However, if our interest is long-term change, knowing about the neurobiology of fear only gets us so far. We’ve covered the bottom up portion of the equation, but the top-down part—which is where self-regulation lives—requires understanding its impact on our psychology.

Fear has deep roots. Our fear response is always reflective of our past. It tells us how our regulatory system was first laid down, from the bedrock up. This means that fear can be a potent teacher, once we know where to look for it in ourselves.

Hunting fear means getting up close with our vulnerability. We come nose to nose with our frailties, the aspects of our personality that are shrouded in shame, the messages and mottos we picked up from family, friends, culture and society. Half the battle is observing these border towns where you reach the outer edges of your comfort zone. And yet, I have found that most of us are entirely unaware of how fear has shaped our interior architecture.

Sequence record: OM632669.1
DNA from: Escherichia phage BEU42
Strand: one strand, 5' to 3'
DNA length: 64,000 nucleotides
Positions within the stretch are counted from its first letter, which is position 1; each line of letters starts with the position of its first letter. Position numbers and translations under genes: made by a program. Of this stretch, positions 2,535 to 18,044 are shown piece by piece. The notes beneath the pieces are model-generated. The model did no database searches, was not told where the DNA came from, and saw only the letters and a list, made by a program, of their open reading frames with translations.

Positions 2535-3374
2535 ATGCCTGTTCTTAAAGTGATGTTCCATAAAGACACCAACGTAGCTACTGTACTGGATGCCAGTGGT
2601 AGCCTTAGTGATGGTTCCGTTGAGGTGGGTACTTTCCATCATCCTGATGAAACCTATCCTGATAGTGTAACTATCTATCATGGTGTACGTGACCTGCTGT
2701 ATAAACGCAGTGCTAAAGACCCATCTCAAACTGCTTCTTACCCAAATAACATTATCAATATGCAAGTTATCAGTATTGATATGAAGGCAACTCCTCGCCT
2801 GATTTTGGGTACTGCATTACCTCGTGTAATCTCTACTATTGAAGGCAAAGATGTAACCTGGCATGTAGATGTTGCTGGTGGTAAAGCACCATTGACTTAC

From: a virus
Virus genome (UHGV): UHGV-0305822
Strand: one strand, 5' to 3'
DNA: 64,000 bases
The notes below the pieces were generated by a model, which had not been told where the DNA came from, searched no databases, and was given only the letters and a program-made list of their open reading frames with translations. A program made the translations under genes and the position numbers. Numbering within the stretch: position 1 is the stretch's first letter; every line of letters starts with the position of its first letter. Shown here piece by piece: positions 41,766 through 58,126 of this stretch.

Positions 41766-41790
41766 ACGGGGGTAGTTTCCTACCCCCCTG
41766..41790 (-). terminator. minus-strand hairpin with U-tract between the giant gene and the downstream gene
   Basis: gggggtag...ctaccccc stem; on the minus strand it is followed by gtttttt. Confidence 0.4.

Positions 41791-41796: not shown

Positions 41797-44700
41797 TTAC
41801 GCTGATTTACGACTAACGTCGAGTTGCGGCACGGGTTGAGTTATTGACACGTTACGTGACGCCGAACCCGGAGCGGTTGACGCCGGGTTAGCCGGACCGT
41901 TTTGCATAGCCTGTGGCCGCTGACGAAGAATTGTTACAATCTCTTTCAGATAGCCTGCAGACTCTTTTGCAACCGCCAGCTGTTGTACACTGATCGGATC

This is also why, when working with patients, I always ask if they live by a motto. Fear hides in these kinds of spaces, in mottos, in plain sight. It comes cloaked in disguises; it’s right on the opposite side of what you consider to be some of your greatest strengths. Often fear can trick us into thinking it’s something it’s not. Fear of failure often looks like ambitious risk-taking. Aloofness and humor hides shyness and vulnerability. Anger distracts from worthiness. Avoidance and procrastination obscure imposter syndrome and perfectionism (what I refer to as "shame-ism"). And I could go on and on.

With fear, you have to know what you are looking for in order to source its wisdom. Half the battle is setting up observation posts in those border towns beyond your comfort zone. Observe how without fear and its relationship with trauma and pain—both physical and emotional— we would never learn from our experiences. We would be entirely at the mercy of fate, luck and good fortune in order to maintain our safety. Fear brings us right into those interior border towns where opposites exist with equal force— between intrigue and terror, chaos and control, risk and security. It’s in this arena that much of the work of self-regulation and radical self-awareness takes place.